Council of Adventist Pastors
On March 29, 2016, the Upper Columbia Conference (UCC) executive committee voted into being a commissioned ministers policy which places that conference out of harmony with the Seventh-day Adventist Church. Conference leadership argued to its pastors in five separate meetings and to its lay-advisory committee, that the change in practice was minimal.
If the changes are as insignificant as the constituency is being told, would it not have been wiser for leadership to prioritize harmony within the conference and unity with the world church? But the changes were sufficiently imperative that the topic was placed on the executive committee agenda in December 2015 and continued until voted March 29, 2016.
If the changes are insignificant then why force them upon the constituency? And if they are significant, then how could they rightly be represented to church members as inconsequential? Because of the high-handed action of the executive committee, several Upper Columbia congregations are now petitioning the conference to hold a special constituency session to reverse the action of the executive committee. (The Council of Adventist Pastors will report on this development in an upcoming article.)
But why is this action by the executive committee wrong? Consider two reasons: (1) the committee is acting outside of its authority, and (2) the committee is setting an example of insubordination.
Conference Acts Outside its Authority
The Seventh-day Adventist Church is not a gaggle of independent bits; its unity is not a fiction. The numerous unions of the church are not loosely connected. Heaven has appointed a system for leadership and decision-making in which the whole benefits from the parts. The spiritual experience of the varied members in all parts of the church is represented in voice and vote. God guides the larger body. He speaks through His servants.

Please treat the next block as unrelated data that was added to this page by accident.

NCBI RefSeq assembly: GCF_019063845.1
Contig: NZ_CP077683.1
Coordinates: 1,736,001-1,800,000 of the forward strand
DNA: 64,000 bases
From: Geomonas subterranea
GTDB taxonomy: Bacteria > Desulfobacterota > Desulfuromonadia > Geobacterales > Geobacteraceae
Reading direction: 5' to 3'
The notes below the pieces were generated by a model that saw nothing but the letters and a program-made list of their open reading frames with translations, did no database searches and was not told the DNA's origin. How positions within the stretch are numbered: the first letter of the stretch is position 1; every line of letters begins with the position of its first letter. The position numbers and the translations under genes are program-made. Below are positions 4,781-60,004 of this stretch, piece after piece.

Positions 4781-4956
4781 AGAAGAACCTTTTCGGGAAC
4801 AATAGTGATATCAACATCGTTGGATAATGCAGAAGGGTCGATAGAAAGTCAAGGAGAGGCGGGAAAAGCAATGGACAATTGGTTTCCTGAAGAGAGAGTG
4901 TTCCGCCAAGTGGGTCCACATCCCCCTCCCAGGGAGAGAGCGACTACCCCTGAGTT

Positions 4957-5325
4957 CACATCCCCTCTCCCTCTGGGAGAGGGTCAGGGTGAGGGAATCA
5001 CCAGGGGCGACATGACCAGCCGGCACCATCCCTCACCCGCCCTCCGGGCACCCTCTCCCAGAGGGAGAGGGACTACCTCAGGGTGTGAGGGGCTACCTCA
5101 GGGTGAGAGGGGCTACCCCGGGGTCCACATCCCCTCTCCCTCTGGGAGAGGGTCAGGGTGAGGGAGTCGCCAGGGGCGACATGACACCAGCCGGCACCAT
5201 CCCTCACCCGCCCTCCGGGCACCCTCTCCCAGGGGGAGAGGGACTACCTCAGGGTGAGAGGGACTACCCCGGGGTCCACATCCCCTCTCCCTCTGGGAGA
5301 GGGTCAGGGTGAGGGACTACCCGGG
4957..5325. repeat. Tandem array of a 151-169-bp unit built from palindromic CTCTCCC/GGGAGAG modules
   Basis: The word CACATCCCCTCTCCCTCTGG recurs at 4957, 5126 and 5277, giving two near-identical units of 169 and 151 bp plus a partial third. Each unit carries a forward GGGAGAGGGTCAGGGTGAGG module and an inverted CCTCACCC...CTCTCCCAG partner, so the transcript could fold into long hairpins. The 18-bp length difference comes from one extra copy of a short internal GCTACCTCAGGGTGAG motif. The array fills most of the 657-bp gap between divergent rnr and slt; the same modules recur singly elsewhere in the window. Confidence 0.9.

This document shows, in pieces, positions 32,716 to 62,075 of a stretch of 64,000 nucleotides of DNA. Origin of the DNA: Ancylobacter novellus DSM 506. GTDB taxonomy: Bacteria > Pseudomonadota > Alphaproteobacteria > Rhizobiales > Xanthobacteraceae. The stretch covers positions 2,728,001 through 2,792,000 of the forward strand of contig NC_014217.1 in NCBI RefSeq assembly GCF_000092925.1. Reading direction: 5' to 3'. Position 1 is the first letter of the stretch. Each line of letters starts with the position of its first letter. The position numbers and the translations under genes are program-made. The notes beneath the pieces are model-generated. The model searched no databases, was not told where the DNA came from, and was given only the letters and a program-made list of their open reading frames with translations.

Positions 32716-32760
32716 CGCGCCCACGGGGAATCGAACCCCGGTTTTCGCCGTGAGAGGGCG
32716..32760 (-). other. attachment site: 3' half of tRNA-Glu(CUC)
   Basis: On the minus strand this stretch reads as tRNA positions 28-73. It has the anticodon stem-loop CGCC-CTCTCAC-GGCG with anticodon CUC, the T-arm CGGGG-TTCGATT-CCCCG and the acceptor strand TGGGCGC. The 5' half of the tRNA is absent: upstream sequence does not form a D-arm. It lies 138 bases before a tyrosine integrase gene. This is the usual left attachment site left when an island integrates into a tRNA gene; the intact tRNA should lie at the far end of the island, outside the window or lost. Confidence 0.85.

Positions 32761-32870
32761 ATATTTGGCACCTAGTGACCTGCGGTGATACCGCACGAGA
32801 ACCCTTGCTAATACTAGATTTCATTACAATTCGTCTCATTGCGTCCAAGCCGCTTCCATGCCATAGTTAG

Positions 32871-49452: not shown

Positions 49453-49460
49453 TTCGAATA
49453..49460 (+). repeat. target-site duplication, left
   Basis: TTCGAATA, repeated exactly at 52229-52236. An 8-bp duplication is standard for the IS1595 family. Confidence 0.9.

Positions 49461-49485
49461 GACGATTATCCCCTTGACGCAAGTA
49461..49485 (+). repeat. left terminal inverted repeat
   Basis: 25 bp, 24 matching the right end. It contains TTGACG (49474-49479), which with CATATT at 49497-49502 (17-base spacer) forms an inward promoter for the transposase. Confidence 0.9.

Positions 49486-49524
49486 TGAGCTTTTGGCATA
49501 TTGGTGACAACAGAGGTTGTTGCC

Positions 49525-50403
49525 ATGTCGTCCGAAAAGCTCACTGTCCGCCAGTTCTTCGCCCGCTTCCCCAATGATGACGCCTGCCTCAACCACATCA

In multiple General Conference (GC) sessions He has spoken on specific motions involving women in ministry. In 1990, 1995 and 2015 sessions His people understood His will as persistently supporting biblical qualifications for congregational leadership. Thus, His church has consistently refused to legitimize the ordination of women. Thousands of delegates have voted “No” on motions which would have resulted in women being placed in the headship position of ordained minister.
But now to the current situation. While the Seventh-day Adventist Church has repeatedly turned back attempts to apply the ordained minister credential to women, some have refused to accept God’s will for His Church. Some are now engaged in an attempt to inflate the authorities granted to the commissioned minister.
The result of such a process, if successful, would be to conflate that credential with the ordained minister credential. As previously outlined (see Commissioned Minister Crisis 1 | 2), in several ways the Upper Columbia Conference executive committee is disregarding not only the spirit of the San Antonio GC decision, but even North American Division (NAD) Working policy (WP) and the Church Manual voted by the world church.
Even as the UCC executive committee was voting on March 29 to place the conference it represents in contradiction to the world church, committee members had been given copies of NAD Working Policy L 32 by UCC administration explicitly showing that their action would place the conference in opposition to the world church. Conference executive committees are not granted such authority at any level. Nor are conferences or unions permitted to recreate the credentials by changing the authorities granted in the commission in each distinct credential. In August 2015 the General Conference Secretariat released a document explicitly restating to the church and all of its organizational units where the authority to set qualifications for credentials resides:
The authority given to the unions is not only delegated, but also limited. Unions have the power to select those to be ordained from among candidates proposed by conferences who meet the criteria set by the World Church. Authority to determine the criteria has never been delegated from the General Conference to any other organization—it does not belong to the work of the union. . .(1)
The facts are clear as crystal: